To you, why is the Council Presidency important for furthering urban matters in the EU? What role does the Trio Presidency play in this regard?
Urban development and policy is not an official competence of the European Union. So, instead, urban development is organised via informal intergovernmental cooperation. And here the rotating Council Presidencies have a core role to play. They are responsible for organising the regular meetings on a working level (Urban Development Group) and on DG level (DGUM). And it is up to Council Presidencies to put a special emphasis on urban development issues or highlight a dedicated theme and “upgrade” their Presidency by organising an Informal Ministry on Urban Matters.
The themes for the discussion in the intergovernmental cooperation are set by the Council Presidencies – and by highlighting certain themes the Presidencies can push forward and influence the discussion on urban matters in the EU. This agenda setting can also be linked to global (e.g. UN Habitat) and European policies (e.g. Urban Dimension of Cohesion Policy). Since the establishment of the Urban Agenda for the EU it is also a major task of the Council Presidency to follow the discussion around the partnerships and to steer the Urban Agenda process.
The main function of the Trio Presidency is to organise a consistent discussion around themes with a longer time frame and to avoid that we “jump” from one theme of a Presidency to the next one. A well organised Trio programme safeguards that three Presidencies follow the same narrative and that each Presidency builds on the achievements of the previous one. This can also facilitate the strategic further development of urban matters and should result in strengthening the intergovernmental cooperation in urban development in general.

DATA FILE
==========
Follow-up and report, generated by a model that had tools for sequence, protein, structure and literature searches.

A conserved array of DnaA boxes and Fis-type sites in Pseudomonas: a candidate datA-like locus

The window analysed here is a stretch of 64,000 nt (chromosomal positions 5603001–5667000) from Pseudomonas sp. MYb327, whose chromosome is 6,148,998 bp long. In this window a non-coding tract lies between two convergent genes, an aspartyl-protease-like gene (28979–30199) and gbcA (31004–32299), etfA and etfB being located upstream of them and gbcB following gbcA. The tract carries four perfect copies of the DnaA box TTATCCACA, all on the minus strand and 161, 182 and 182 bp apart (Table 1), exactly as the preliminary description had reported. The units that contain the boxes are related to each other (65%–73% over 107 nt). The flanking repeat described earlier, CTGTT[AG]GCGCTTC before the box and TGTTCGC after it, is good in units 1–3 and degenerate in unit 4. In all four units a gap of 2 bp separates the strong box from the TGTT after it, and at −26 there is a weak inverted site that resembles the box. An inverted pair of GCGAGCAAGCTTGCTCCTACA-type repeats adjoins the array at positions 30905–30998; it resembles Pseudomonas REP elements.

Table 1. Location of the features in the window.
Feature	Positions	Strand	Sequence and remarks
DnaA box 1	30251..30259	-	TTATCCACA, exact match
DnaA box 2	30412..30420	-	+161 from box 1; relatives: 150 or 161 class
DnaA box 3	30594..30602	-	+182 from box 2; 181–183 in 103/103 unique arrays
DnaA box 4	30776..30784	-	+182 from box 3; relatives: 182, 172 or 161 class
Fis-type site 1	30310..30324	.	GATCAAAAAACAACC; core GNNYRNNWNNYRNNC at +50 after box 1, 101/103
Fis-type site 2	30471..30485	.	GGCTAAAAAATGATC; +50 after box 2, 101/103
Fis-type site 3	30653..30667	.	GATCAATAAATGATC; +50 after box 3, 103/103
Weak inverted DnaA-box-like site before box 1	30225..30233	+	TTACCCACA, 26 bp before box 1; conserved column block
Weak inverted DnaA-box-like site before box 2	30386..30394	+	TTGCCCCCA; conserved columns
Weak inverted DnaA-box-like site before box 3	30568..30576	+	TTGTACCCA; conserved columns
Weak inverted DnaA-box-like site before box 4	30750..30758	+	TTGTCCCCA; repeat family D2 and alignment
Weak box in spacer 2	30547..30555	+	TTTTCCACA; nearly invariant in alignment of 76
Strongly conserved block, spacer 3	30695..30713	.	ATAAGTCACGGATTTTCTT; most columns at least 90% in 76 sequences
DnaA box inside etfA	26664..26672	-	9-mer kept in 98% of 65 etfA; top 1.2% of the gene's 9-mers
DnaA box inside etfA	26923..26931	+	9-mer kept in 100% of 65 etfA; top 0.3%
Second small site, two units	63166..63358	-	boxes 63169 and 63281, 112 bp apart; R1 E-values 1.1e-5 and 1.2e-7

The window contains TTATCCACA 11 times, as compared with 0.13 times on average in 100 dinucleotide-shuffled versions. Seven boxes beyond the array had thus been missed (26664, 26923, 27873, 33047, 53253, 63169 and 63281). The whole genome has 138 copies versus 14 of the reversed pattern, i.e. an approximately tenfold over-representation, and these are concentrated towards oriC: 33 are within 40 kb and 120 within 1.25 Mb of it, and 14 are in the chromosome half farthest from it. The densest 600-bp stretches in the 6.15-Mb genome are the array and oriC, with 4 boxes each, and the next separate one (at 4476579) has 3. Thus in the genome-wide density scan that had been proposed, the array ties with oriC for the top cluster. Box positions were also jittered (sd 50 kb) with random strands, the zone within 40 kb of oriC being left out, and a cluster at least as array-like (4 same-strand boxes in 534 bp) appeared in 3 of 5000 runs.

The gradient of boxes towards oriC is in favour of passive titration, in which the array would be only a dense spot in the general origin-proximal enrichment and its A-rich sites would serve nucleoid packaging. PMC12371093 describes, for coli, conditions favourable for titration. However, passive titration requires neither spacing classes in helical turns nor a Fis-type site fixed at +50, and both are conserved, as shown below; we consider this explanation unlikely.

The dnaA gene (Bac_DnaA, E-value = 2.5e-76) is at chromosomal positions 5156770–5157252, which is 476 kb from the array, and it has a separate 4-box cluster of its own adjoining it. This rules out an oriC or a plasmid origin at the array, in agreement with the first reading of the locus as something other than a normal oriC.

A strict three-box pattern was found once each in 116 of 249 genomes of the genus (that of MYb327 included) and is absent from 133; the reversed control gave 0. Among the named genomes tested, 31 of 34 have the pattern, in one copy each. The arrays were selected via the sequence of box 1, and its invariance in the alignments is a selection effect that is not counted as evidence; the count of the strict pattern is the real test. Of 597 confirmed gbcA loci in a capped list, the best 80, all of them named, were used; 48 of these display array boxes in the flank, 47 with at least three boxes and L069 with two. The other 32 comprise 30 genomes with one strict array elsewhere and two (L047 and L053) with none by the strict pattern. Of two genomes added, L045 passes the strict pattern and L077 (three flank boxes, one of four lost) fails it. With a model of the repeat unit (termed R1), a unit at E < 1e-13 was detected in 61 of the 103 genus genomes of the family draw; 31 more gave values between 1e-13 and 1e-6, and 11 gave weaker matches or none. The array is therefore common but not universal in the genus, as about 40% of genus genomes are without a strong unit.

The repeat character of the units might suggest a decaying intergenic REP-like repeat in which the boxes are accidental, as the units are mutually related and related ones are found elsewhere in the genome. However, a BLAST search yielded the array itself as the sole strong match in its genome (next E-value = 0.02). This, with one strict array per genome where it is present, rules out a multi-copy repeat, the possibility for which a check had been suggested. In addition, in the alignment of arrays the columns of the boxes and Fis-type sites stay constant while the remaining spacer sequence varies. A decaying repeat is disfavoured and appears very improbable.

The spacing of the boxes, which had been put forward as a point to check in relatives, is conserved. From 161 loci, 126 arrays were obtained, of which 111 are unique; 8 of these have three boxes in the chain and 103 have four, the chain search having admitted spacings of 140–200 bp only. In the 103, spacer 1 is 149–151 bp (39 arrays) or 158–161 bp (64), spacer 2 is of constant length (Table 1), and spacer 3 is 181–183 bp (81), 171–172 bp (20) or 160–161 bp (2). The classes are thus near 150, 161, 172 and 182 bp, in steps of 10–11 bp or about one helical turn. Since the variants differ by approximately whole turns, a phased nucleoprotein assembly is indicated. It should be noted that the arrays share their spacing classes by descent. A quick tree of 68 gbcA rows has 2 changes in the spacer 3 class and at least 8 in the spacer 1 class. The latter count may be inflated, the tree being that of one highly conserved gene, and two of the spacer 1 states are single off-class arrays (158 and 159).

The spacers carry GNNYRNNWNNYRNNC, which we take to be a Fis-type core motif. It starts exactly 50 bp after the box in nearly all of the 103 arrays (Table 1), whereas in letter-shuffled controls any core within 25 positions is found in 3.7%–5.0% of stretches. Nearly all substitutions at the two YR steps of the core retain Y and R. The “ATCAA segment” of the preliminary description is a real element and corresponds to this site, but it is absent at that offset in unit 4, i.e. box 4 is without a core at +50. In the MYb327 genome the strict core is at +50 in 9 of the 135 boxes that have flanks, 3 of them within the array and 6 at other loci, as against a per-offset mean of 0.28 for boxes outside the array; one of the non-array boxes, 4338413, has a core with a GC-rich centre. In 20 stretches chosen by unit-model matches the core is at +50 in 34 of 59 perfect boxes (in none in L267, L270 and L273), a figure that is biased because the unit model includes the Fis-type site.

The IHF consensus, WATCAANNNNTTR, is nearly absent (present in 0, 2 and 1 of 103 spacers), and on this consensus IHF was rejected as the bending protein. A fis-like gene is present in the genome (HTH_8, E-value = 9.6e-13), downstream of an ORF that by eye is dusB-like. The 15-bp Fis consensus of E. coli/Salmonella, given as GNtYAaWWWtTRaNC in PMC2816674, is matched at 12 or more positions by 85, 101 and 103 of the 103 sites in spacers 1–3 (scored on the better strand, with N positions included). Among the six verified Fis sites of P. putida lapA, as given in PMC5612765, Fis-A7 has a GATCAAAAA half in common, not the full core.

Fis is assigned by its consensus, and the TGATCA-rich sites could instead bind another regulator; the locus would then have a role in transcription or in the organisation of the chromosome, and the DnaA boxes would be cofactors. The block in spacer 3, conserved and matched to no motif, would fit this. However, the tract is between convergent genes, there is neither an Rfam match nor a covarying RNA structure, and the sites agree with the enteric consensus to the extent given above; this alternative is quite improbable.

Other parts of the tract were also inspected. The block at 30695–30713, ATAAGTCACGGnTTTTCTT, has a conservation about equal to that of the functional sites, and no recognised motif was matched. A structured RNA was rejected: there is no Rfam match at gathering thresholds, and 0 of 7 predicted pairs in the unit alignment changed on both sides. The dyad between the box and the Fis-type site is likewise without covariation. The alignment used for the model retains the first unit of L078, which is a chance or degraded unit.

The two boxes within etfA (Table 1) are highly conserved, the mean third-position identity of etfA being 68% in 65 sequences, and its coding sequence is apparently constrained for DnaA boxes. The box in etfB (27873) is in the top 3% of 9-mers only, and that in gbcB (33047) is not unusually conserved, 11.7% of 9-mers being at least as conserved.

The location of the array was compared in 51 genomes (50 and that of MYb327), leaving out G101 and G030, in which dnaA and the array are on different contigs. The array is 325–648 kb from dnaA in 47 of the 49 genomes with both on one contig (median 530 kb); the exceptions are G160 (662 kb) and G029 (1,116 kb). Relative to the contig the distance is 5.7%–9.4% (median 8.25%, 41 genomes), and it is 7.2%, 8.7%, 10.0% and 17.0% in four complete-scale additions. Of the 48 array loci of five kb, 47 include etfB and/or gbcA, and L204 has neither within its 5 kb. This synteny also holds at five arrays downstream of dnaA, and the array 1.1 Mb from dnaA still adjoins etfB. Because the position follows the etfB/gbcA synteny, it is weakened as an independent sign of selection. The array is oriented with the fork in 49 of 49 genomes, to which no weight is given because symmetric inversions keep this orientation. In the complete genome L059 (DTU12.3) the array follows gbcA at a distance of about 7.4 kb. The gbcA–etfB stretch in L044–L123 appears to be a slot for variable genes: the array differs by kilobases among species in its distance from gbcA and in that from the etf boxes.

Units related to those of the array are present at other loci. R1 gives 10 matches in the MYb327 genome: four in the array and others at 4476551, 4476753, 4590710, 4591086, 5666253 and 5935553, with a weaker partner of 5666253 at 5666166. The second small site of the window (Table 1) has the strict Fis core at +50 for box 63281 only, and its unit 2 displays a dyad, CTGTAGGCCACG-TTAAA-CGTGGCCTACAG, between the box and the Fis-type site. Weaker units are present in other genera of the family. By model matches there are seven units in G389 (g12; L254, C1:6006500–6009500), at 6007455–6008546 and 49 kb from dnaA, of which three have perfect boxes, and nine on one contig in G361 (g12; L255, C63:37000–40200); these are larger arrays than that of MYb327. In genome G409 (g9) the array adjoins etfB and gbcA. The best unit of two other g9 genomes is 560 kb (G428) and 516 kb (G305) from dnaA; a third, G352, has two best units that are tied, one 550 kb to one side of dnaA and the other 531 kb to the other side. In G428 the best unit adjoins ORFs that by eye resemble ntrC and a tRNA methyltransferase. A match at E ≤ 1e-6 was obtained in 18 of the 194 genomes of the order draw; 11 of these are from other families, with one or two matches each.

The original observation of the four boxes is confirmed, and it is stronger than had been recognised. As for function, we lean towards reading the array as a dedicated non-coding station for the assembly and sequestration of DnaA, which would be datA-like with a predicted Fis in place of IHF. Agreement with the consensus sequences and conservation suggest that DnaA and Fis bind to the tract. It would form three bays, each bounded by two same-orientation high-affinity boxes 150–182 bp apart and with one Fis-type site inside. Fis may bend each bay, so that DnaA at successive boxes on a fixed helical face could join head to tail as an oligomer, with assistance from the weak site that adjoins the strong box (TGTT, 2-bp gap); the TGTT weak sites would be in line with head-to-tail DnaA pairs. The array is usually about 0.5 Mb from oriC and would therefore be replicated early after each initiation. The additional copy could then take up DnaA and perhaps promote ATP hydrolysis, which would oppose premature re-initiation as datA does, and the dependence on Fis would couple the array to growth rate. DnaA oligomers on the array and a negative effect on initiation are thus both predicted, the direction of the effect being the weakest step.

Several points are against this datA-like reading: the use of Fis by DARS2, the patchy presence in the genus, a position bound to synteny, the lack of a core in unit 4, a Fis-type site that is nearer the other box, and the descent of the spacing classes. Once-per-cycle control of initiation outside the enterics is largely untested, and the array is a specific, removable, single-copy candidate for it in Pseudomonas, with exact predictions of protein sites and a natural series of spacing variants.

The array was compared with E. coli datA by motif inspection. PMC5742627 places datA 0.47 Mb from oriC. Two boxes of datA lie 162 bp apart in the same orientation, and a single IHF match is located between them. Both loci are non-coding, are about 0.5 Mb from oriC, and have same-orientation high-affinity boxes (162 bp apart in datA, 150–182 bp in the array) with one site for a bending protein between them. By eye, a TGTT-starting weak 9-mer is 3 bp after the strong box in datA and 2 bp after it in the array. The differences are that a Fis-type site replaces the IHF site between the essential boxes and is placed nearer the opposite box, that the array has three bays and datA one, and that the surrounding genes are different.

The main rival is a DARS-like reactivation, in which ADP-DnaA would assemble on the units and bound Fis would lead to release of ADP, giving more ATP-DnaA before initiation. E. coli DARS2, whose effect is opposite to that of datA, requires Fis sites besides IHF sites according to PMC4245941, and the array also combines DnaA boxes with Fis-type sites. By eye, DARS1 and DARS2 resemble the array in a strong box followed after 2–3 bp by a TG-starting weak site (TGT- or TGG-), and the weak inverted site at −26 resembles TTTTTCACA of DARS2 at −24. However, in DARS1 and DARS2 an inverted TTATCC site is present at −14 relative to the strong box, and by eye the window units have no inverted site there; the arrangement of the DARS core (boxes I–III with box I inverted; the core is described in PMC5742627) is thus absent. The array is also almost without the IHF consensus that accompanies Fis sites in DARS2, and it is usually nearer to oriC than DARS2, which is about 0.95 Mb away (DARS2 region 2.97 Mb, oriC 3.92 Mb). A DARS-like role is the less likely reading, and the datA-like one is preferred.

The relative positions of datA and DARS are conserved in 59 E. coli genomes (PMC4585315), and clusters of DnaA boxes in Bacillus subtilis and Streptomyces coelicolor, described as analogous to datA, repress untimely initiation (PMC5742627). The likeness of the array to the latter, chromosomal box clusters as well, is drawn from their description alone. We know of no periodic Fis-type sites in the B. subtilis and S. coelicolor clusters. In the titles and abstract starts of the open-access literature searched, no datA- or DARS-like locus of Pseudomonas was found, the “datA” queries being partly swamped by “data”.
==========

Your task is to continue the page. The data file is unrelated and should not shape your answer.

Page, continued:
What was the German Presidency’s biggest achievement?
The biggest achievement of the German Presidency was the adoption of the New Leipzig Charter as the new strategic framework for integrated urban development in Europe at the Informal Ministerial in November 2020.
Very early on – already in 2017, when 10 years of the Leipzig Charter were celebrated – Germany decided to make integrated urban development a major backbone of its 2020 Presidency. In the preparatory process for the New Leipzig Charter that started in 2018 (and that included stakeholders from all Member States, Partner States, European institutions and organisations), we managed to agree on one very clear political message: “the transformative power of European cities for the common good”. The notion of the common good is a novelty in the context of European debates related to urban development and at the beginning of the process there was no guarantee that we could agree on this idea. The introduction of the common good as the red thread through the whole document should be regarded as a major achievement. The pandemic has demonstrated, more than ever, the relevance of the common good.